__Scientific Perspectives on Divine Action: Twenty Years of Challenge and Progress_ _is a collection of thirteen essays assessing the scholarly contributions to the _Scientific Perspectives on Divine Action_ series, which is comprised of five volumes resulting from international research conferences co-sponsored by the Vatican Observatory and the Center for Theology and the Natural Sciences between 1991 and 2000. The overarching goal of the series is to advance the engagement of constructive theology with the natural sciences with special attention to the (...) theme of divine action and to investigate the philosophical and theological elements within science. This volume is divided into three sections: In Section One, contributors review the history of the series and the development of new research methodology and discuss philosophical issues raised by the laws of nature and the limits of science; in Section Two, authors provide philosophical analysis of specific issues in the series; and in Section Three, contributors offer theological analyses of specific issues. The five volumes in the series include: _Quantum Cosmology and the Laws of Nature_ ; _Chaos and Complexity_ ; _Molecular and Evolutionary Biology_ ; _Neuroscience and the Person_ ; and _Quantum Mechanics _, and are distributed by University of Notre Dame Press. (shrink)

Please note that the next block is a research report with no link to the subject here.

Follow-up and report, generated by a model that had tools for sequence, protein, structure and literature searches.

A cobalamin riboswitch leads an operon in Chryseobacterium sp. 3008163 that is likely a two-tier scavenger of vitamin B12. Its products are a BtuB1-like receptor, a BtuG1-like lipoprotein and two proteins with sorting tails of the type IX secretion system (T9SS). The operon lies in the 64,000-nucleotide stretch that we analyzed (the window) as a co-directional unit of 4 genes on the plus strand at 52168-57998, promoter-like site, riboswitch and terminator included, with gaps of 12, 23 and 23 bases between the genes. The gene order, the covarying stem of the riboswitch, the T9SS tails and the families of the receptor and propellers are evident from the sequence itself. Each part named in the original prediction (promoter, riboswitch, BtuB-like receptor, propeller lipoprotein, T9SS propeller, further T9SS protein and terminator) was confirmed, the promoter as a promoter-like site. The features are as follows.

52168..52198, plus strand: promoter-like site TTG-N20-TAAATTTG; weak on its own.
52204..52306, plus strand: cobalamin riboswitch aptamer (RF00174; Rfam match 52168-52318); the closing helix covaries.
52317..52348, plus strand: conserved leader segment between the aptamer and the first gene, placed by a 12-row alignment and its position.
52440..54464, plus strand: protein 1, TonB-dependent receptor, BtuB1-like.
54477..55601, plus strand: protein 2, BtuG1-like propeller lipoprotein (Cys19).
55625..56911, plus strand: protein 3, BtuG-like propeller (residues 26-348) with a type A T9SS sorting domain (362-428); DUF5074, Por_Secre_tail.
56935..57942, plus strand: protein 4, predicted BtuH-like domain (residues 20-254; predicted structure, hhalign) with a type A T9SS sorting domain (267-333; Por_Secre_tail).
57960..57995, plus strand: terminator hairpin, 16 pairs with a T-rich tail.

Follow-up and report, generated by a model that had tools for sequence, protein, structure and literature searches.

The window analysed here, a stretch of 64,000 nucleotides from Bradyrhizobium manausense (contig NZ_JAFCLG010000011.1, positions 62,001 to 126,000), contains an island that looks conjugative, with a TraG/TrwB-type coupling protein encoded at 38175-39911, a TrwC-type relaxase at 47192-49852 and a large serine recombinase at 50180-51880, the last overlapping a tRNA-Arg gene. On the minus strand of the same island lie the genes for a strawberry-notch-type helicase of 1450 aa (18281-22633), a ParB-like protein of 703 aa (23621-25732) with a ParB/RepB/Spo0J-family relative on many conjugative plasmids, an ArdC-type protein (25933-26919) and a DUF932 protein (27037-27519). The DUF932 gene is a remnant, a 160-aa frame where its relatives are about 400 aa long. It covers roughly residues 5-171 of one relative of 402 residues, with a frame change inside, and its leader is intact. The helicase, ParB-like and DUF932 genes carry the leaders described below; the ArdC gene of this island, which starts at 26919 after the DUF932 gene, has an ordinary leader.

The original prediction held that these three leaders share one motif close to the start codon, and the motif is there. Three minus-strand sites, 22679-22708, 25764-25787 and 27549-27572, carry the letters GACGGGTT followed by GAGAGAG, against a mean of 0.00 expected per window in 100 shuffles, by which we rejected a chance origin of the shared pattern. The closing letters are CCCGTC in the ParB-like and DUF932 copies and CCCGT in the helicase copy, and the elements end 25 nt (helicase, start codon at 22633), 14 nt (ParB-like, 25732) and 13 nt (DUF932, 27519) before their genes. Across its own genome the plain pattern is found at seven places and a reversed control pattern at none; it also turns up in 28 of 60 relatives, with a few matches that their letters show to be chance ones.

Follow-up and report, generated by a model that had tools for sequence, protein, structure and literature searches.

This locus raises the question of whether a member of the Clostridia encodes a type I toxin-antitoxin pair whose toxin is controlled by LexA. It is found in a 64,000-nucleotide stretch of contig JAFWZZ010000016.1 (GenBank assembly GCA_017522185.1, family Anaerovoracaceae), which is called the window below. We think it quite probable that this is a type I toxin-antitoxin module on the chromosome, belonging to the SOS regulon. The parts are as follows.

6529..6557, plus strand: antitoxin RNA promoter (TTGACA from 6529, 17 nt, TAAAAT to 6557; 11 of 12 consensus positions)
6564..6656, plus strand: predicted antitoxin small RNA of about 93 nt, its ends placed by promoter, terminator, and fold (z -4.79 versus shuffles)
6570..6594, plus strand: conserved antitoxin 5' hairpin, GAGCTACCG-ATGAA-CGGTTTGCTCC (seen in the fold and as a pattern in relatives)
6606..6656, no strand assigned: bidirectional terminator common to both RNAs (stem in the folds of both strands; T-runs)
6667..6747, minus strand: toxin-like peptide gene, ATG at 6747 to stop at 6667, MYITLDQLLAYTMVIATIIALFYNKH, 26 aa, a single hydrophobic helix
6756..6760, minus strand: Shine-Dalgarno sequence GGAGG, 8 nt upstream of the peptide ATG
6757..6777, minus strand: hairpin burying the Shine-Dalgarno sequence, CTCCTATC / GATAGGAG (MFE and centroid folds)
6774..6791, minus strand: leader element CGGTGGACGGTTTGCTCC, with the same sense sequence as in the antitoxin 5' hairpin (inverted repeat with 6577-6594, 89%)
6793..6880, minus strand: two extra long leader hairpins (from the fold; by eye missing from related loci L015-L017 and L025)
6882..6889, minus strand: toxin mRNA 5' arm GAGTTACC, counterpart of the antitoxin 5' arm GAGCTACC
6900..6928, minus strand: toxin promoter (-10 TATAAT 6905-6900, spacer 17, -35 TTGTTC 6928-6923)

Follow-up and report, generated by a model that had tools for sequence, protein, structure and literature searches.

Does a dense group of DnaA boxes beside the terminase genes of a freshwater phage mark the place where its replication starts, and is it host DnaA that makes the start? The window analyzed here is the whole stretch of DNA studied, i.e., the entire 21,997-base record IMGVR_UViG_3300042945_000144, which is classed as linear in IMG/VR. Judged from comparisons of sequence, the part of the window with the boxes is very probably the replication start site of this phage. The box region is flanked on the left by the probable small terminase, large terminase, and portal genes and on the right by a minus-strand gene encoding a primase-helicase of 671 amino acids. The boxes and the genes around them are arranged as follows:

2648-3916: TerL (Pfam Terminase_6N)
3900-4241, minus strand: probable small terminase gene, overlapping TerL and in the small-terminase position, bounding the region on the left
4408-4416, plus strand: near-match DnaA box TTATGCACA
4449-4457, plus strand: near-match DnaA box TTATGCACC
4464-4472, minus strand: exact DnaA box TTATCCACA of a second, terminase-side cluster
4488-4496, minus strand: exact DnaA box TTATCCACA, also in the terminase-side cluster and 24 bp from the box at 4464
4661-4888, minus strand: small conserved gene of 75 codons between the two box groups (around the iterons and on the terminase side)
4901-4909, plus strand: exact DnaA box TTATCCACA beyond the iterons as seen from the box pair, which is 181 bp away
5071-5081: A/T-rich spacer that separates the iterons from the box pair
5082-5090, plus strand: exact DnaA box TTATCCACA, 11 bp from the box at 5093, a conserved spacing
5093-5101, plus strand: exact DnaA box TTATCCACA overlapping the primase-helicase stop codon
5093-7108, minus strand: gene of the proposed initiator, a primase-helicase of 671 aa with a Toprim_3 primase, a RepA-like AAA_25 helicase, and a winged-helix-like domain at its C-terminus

De se exceptionalism is the view, notably championed by Perry (1979) and Lewis (1979), that our characteristically 'first-personal' ways of thinking about ourselves present unique challenges to standard views of propositional attitudes like belief. Though the view has won many adherents, it has recently come under a barrage of deserved criticism. A key claim of detractors is that classic examples used to motivate de se exceptionalism from de se ignorance or misidentification are nothing more than familiar Frege-puzzles, which raise no (...) issues exclusive to self-directed thought. After reviewing how this simple objection has substantial force against the classic defenses of exceptionalism, I provide new arguments based on cases of pure de se ignorance that avoid the criticism. Afterward, I revisit Lewis's defense of exceptionalism, diagnosing how he arrived at roughly the right conclusions on the basis of an argument that begged critical questions and obscured the representationally unique features of the de se. (shrink)